Will Power delivered a scathing verdict on the IndyCar officials and their decision to restart the race in wet conditions eight laps from the end.
Power, running fifth at the time, was caught out as Danica Patrick spun on his outside, and had little room or grip to maneuver, eventually ending up in the wall with several other cars. Fearing that his chance to gain significant championship points following Dario Franchitti's earlier retirement, Power leaped out of his car and immediately remonstrated with officials, before slamming their decision on live ABC-TV after returning to the Team Penske motor home.
"I was begging them, begging them, please do not go green," Power said. "So was everyone else – the track was in no condition to restart. To me it was disgraceful. It was a decision which put a lot of guys in danger."
Power leveled much of his ire at IndyCar's president of competition Brian Barnhart, who has already drawn criticism for his performance this year.
"I just can't believe the decision – what are they doing up there? I mean, they've got Al Unser [Jr.]...he raced. He wouldn't have restarted in these conditions. They cannot have this guy [Brian Barnhart] running the show. He makes such bad calls all the time. Shame on him."
Power conceded that his own behavior – which included flipping the bird at TV giant screens when, unbeknownst to him, he was being shown on ABC's coverage – deserved a fine, but he stood by his harsh assessment of the series' officials.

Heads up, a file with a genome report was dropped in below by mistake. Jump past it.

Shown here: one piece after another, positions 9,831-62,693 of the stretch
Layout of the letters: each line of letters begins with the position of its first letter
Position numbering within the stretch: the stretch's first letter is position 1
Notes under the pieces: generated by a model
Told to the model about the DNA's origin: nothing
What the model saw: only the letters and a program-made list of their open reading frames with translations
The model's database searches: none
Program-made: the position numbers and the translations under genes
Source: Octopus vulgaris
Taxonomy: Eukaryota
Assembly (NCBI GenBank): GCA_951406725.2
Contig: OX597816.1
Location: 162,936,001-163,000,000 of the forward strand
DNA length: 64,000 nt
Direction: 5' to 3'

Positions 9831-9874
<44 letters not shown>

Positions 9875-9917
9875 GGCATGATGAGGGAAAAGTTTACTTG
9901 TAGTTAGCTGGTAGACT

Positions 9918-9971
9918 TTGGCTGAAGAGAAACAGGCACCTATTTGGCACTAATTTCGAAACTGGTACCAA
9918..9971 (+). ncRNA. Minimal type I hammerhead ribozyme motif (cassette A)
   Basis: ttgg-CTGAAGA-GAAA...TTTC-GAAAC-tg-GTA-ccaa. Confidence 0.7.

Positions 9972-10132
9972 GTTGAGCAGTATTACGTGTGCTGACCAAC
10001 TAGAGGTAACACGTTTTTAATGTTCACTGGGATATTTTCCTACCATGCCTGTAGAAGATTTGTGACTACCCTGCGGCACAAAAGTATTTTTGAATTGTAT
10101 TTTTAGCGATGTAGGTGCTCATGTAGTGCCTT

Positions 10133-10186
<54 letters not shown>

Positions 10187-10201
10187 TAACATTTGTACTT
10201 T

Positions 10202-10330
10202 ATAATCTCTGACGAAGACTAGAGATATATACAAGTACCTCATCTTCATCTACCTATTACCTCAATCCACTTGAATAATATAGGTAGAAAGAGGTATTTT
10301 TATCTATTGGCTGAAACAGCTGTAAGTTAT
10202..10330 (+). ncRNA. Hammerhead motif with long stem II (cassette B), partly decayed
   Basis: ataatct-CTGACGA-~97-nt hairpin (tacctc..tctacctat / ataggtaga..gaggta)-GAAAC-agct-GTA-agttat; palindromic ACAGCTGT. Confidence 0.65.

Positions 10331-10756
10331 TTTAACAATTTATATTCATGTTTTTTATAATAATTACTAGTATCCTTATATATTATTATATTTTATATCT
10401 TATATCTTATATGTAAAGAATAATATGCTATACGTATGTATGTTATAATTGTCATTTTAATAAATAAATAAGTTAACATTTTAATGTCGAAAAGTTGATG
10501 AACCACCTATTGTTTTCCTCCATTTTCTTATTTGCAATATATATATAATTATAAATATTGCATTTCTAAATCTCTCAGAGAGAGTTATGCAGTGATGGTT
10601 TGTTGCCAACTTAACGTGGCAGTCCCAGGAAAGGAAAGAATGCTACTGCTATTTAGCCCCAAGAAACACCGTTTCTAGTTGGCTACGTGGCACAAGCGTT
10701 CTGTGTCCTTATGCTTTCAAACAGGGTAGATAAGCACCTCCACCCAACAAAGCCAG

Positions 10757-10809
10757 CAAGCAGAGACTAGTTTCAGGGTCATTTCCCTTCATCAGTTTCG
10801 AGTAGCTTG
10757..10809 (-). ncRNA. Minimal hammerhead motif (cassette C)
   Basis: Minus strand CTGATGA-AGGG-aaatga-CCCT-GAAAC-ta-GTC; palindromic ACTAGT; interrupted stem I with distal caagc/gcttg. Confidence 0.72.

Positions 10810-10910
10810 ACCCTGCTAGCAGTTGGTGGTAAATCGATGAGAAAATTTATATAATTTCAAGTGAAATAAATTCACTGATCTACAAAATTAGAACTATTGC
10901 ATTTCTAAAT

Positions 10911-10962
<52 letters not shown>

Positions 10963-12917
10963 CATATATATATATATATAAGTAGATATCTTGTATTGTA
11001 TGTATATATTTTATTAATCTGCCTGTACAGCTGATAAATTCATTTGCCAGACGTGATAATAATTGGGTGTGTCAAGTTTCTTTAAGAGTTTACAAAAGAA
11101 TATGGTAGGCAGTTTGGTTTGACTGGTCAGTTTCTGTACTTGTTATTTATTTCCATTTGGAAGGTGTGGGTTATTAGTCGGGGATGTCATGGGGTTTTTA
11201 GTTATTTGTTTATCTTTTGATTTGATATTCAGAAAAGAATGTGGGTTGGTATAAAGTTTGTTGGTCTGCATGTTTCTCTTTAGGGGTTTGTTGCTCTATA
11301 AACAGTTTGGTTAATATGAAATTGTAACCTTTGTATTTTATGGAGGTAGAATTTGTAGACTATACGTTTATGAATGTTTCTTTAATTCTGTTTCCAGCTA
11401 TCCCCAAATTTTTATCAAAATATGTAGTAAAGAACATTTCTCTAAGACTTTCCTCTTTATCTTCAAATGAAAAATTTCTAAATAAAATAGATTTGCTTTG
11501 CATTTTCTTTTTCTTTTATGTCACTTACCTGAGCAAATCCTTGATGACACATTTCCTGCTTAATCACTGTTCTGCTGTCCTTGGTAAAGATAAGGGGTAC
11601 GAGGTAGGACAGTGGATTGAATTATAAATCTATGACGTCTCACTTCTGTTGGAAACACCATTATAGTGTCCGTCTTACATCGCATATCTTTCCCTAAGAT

"I lost my temper, and that was bad of me, but I just couldn't help it. We begged them, begged them, not to do it."
Ironically, even as Power was making his outburst, Barnhart was making an appearance in the announcers' booth on ABC's post-race coverage, confirming that the officials had erred in restarting the race and explaining that the final results would revert to the order prior to the restart, meaning that Power had taken fifth after all.
"The only right thing to do and the fair thing to do is to go to the running order before the restart," Barnhart explained, acknowledging that the restart was "a mistake on Race Control's part."
"Safety of all the drivers out there is our No. 1 priority, and when you make the wrong call it leaves you with a sick feeling," he added. "We didn't receive any objections from our pit techs talking to the teams or the observers around the track or Johnny Rutherford out there in the pace car."
There was no immediate word on potential penalties for Power's behavior, although Barnhart indicated that the understandable emotion of the heat of the moment would be taken into consideration.